We also received an interesting viewpoint from John Wagner.  He stated that the biggest challenge for him has not been having to get up every three hours to row, as he thought it would have been.  Instead, he finds the difficult part of this row to be the ability to give his BEST effort each time he takes to the oars.  After weeks at sea it can be particularly challenging for rowers to dig up fresh motivation. They are exhausted, have had limited amounts of sleep and the ocean has stopped being a novelty. That makes finding motivation to haul as hard as you can on the oars the real challenge, but working in a team helps, all rowers feel a strong sense of dedication to their crew which is a reflection of the strength of friendships that this sport generates.

Rowing across an ocean is much more of a mental challenge than a physical one.  Wagner is correct in that the only real thing one has control over is how you approach the row and your performance.
The Pacific Warriors are also being quite gracious out there in the middle of the Pacific.  As they crossed the half way mark in mileage, they sent this note out:

“Finally more than half way!. Thinking of everyone who has helped us get this far and today we would particularly like to thank our sponsors @EnviroPouch

At the front of the pack, our three teams of NOMAN. Team Battleborn and Uniting Nations continue to push hard toward the finish.   Even though Team Battleborn have gained on both competitors, moving closer to Uniting Nations and further away from NOMAN, they are reportedly playing a few other games on board Patience.

“Onboard, we have a game – if you see a flying fish and can see it flying long enough for someone else to verify it you get four points. If you get hit by a flying fish you also get four points. If you see one land on the boat and are able to successfully rescue it and put it back in the water alive you get five points. And if one flies into your mouth you get 10 points. Yesterday Billy got hit in the chin… so close! Today, I got 23 points, two verified sitings of schools of flying fish, and a massive three rescues. I am essentially the Flying Fish Rescue Service.”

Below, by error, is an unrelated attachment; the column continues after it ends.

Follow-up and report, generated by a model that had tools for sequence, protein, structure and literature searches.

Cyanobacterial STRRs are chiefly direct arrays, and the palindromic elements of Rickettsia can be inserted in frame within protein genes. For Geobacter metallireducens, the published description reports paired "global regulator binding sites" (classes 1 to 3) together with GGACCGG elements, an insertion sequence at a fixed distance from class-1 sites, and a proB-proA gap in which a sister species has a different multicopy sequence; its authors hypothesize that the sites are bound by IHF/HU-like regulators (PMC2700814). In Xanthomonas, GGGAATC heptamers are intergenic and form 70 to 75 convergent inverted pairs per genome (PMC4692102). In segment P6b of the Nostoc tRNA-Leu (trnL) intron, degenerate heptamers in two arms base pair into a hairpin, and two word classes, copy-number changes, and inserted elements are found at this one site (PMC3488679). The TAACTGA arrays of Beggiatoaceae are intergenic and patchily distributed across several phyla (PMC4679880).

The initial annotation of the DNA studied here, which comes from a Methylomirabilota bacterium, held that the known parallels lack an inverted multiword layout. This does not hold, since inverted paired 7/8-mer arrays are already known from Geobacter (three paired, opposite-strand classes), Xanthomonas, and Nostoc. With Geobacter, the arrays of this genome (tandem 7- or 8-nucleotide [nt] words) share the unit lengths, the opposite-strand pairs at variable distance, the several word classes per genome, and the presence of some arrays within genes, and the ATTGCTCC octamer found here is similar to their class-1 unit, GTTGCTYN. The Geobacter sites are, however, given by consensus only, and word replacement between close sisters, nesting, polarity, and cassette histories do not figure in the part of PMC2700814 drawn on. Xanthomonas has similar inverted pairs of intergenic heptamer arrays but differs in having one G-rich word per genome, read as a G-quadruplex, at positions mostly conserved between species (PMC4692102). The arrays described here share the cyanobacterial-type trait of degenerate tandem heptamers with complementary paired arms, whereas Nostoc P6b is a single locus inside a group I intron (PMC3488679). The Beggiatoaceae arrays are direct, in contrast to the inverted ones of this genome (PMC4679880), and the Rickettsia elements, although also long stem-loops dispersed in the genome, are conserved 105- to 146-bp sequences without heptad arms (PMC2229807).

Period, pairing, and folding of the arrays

We have heard about the troubles that Uniting Nations and NOMAN are having with their seats. Overcoming broken or damaged equipment is all part of the race, however you will be pleased to know there is certainly no need to worry about Battleborn’s seats breaking. Word of the trouble seats on boat NOMAN and Uniting Nations has reached Team Battleborn.  Fixing broken seats is one area that Team Battleborn doesn’t seem to have too much concern over, as we read in a recent blog:

“I don’t know how many spares we have on board because the pile of spares that we have resembles a small mountain range. Despite our boat being older and slower, our seats are actually far more durable than the ones on the UN and NOMAN boats. The wheels we use are from roller blades, and although not marine proof, each lot of bearings lasts about a thousand miles at this pace before they blow out. We have about 20,000 miles worth of wheels!”

We hope that Team Battleborn is right about the seats, but it takes much more than a happy, sliding bum to win the Biggest Baddest Human Endurance Challenge that is the Great Pacific Race!  This time tomorrow we hope to be starting the countdown to the arrival of the first crew. Will Team Battleborn be able to claw into the lead or will Uniting Nations continue to hold them off? We have about 8 days to find out. Exciting? You bet!

CORRECTION:  Yesterday’s Race Report incorrectly stated that Team Battleborn had gained 16 NM over Team Uniting Nations.  The separation between these boats actually went in the other direction, going from 180 NM on Day 33 to 184 NM on Day 34.  The separation on Day 35 is 173 NM.  This was a math calculation error by your’s truly and my apologies for any confusion or panic this may have caused.

Solo Racers:
Project Flight Plan: Withdrawn
Rowing 4 Reefs: Retired
Elsa Hammond: ROWING – Position 8; 2065 NM to finish, Rowed 575 NM
Row for Hope: Retired

Pair Racers:
Clearly Contacts CA: Withdrawn
CC4 Pacific: ROWING – Position 7; 1342 NM to finish, Rowed 1102 NM
Fat Chance: ROWING – Position 5; 1108 NM to finish, Rowed 1315 NM

Four Person Teams:
Battleborn: ROWING – Position 2; 591 NM to finish, Rowed 1715 NM
Boatylicious: ROWING – Position 6; 1210 NM to finish, Rowed 1108 NM
NOMAN: ROWING – Position 3; 815 NM to finish, Rowed 1518 NM
Pacific Rowers: Retired
Pacific Warriors: ROWING – Position 4; 922 NM to finish, Rowed 1343 NM
Uniting Nations: ROWING – Position 1; 418 NM to finish, Rowed 1861 NM